FB

Facebook, Inc.

200.9800
USD
-4.38%
200.9800
USD
-4.38%
159.2800 224.2000
52 weeks
52 weeks

Mkt Cap 482.86B

Shares Out 2.40B

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Facebook shares drop on report of possible FTC injunction

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Facebook faces a possible injunction from the Federal Trade Commission over how it integrates its apps.

Facebook Inc. shares were down sharply Thursday on a report the Federal Trade Commission is weighing a preliminary injunction as early as next month against the social-networking giant FB, -2.72% amid antitrust concerns over how its products interact.

Federal regulators are closely monitoring how Facebook integrates its apps – specifically, Messenger, Instagram, and WhatsApp – or allows them to work with potential rivals, according to a Wall Street Journal report, citing unnamed sources familiar with the matter.

If it were to act, the FTC could seek to block Facebook from enforcing those policies on the grounds they are anticompetitive. Ultimately, this could lead to an injunction barring Facebook from further integrating apps as part of a potential breakup of the company, one person told the Journal.

Facebook shares were down 3.2% to $195.80 in trading Thursday.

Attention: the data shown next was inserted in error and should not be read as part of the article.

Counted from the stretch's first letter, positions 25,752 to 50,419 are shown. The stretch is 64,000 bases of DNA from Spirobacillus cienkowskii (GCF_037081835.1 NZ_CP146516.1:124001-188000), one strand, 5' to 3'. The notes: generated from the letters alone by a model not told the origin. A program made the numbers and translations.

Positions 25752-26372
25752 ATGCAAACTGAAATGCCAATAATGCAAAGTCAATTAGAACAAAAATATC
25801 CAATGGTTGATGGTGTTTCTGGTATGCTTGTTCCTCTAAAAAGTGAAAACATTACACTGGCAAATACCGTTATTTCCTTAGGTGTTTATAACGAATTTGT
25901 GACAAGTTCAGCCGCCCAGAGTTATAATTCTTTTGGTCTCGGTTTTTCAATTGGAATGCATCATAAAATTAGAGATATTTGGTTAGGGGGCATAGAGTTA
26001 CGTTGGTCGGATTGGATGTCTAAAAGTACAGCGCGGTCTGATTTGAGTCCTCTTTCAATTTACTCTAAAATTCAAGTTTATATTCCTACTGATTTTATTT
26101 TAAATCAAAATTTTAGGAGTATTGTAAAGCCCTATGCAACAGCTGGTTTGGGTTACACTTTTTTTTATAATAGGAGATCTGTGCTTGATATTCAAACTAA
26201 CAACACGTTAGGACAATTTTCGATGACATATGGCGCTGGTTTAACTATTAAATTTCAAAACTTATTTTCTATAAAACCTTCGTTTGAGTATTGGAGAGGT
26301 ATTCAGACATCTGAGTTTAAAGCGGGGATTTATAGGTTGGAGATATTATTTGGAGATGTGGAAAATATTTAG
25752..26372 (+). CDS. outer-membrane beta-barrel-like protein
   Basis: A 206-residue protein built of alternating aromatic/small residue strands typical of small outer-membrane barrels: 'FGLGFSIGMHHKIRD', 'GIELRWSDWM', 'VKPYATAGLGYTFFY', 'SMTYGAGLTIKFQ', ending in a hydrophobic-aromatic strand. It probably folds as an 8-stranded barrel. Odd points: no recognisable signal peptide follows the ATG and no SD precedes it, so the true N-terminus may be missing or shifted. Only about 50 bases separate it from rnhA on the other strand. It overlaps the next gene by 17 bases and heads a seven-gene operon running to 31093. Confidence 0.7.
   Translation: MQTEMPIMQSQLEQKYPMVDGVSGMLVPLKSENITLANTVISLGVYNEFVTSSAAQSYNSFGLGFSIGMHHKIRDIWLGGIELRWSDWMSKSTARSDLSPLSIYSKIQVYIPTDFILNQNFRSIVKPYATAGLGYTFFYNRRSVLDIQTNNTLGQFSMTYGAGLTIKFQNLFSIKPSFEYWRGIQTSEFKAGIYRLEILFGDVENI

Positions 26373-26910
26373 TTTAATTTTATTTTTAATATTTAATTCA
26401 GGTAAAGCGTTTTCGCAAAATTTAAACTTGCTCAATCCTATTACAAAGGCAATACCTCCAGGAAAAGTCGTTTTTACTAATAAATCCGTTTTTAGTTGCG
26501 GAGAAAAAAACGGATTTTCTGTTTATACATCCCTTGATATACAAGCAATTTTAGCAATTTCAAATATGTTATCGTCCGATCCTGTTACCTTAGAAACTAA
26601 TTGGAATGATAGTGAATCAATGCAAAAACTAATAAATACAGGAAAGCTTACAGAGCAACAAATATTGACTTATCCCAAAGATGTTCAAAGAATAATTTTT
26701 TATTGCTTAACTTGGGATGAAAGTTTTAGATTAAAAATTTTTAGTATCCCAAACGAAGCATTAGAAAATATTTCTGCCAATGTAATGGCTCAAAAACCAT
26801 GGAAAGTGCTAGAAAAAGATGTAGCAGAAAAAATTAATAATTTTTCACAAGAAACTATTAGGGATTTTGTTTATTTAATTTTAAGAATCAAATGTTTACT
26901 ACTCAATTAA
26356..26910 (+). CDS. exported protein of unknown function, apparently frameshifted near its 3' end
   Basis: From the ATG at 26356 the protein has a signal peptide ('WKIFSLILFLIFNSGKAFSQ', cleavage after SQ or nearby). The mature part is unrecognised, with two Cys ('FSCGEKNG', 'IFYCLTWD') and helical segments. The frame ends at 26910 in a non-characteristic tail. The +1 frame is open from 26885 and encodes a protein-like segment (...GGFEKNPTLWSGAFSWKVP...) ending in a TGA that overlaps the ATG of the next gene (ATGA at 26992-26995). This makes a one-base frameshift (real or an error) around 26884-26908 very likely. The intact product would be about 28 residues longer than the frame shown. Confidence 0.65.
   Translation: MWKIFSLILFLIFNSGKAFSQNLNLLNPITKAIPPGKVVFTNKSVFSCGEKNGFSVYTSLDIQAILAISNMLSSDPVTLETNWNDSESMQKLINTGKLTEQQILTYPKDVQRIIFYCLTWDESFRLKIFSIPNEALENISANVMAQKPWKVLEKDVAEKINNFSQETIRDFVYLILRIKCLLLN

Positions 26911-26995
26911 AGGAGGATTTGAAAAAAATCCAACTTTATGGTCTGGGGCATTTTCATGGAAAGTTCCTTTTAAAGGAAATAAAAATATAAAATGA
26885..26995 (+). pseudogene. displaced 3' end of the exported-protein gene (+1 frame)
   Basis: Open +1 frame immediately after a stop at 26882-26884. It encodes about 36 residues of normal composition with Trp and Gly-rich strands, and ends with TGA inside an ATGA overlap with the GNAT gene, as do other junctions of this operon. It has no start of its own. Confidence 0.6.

Facebook and the FTC were not immediately available for comment on news of the injunction.

Facebook has been pushing to extend its reach, especially among young users who favor messaging networks, through interoperability between its three main services – Messenger, WhatsApp, and Instagram – on a private network.

“There are privacy and security advantages to interoperability,” Facebook CEO Mark Zuckerberg wrote in a Facebook post in March. “With the ability to message across our services...you’d be able to send an encrypted message to someone’s phone number in WhatsApp from Messenger.”

At the same time, the company said in a blog post Thursday that it does not plan to change its web-tracking practices to adhere to the California Consumer Privacy Act, which becomes law on Jan. 1. Facebook said its practices are in compliance with new law restricting “sale” of user” data.

And in a third piece of regulatory-related news, Bloomberg is reporting Facebook intends to spend $130 million over six years on its content oversight board, a third-party of advisers who will help decide whether posts violate Facebook’s policies.

Facebook, Alphabet Inc.’s GOOGL, +0.32% GOOG, +0.39% Google, Amazon.com Inc. AMZN, +0.66% , and Apple Inc. AAPL, +0.25% are the subjects of antitrust investigations by either the FTC or Department of Justice for their business practices. Additionally, they are bracing for CCPA, and a raft of legislation from House and Senate members that ratchet up the privacy rights of consumers while tightening the rules of how companies handle individuals’ data.


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